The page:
Get an Octatrack.

Just kidding, you’ll find that’s almost the “default” answer around here. :smiley:

M:S might be a good entry for you into the Elektron workflow, but you also might want to do some A/B comparisons with something like a Digitakt, which is a more “mid-range” Elektron device in terms of cost, but has more power under the hood. That said, there’s something to be said for the immediacy of the “knob per function” workflow on the M:S and its overall ease of use. Also, velocity sensitive per-track pads and the separate linear 16-step sequencer toggles are nice too.

Before you buy anything, watch some videos THOROUGHLY to get comfortable that your chosen device WILL do what you want. If you’re interested in the M:S and maybe even the Digitakt. Cuckoo’s tutorial videos are pretty comprehensive.

Personally, I tend to buy devices for what they do now, not what they might do in the future with updates, so I’m never disappointed.


You’ll love the M:S. And in time, yearn for the Digitakt or Octatrack. It’s where we all end up, eventually. Welcome to the community :slight_smile:


It’s the most playable Elektron IMO. The dedicated knobs per function and the 16 rubbery step keys are a blast to play with, judging by what you want you should enjoy it. Just don’t let those Octatrack fanboys talk you out of it they’re still trying to figure out their own machine.


Regarding the features request list, it might be worth reading through and seeing what features, if any, matter to you. It might be that the concerns raised aren’t relevant to your needs.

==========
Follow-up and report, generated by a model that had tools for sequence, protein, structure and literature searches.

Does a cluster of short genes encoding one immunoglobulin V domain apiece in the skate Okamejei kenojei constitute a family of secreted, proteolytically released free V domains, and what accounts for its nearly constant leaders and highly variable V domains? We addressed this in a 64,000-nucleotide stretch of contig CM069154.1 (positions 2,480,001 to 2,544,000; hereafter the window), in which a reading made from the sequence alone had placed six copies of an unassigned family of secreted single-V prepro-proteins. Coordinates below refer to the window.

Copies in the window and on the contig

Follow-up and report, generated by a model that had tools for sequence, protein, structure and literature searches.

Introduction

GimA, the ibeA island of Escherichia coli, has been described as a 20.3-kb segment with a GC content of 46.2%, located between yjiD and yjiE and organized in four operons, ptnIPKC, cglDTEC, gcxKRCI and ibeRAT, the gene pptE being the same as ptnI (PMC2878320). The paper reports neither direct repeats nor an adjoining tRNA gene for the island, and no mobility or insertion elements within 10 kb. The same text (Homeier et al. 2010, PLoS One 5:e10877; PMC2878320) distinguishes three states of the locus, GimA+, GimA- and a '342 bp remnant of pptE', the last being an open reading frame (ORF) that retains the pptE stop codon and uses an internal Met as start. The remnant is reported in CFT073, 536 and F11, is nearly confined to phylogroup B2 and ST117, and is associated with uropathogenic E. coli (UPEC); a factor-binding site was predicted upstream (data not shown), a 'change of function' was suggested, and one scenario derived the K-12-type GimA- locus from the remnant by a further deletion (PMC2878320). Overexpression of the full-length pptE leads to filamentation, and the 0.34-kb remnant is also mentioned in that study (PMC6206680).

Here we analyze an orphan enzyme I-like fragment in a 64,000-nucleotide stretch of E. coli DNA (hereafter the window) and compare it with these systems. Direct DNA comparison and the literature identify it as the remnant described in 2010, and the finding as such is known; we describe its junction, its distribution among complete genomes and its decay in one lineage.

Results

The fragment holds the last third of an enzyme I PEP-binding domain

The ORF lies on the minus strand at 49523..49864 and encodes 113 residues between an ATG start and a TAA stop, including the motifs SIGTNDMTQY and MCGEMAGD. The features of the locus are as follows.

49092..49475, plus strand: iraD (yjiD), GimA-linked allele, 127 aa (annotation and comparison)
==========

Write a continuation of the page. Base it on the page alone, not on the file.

I’m generally having a lot of fun with the m:s. There are some things I might like added, but it’s a handy introduction to the Elektron workflow (and a more affordable one than some other devices). It has an immediacy that makes it good for just sitting on the sofa/train and working out some sounds.

It’s also new, so you’re probably not going to lose too much if you decide to sell it on :wink:

I don’t have one (finally bought a Digitakt but I hesitated a lot between both). But I do think you should grab one, just for the sake of testing the Elektron way of thinking. It’s a lot of fun, those devices are real instruments !

Anyway, you’ll be able to resell it quickly without loosing too much value, should you want to invest in a Digitakt or choose another brand…

I say pick one up. As others have pointed out, it is a good entry into the Elektron world. I picked up a Model:Samples when they first dropped, and I do not regret it. I have other Elektron Boxes, and this one did not feel like a downgrade in any way. I picked it up with the idea of using it as a small, easy to carry groovebox. And while I had fun with it for a while in that fashion, I had shelved it for a minute, and then it made a strong comeback as my current go-to drum machine. It is very immediate, and very fun for me. I have griped about a couple limitations, the biggest being that it only has stereo outs. But hey, sometimes limitations are they keys to unlocking the good times. And you know what, it’s summer here, and I am out and about riding my bike and enjoying the world. So when I grab a little time to jam out and make some tunes, it’s a bit lighter, and a bit more off the cuff than perhaps other times of the year. So at this moment, my tagline for this box would be “Summertime beats for those easy, breezy jam sessions.” (Taglines and feelings about instruments are subject to change. Rules and restrictions may apply.)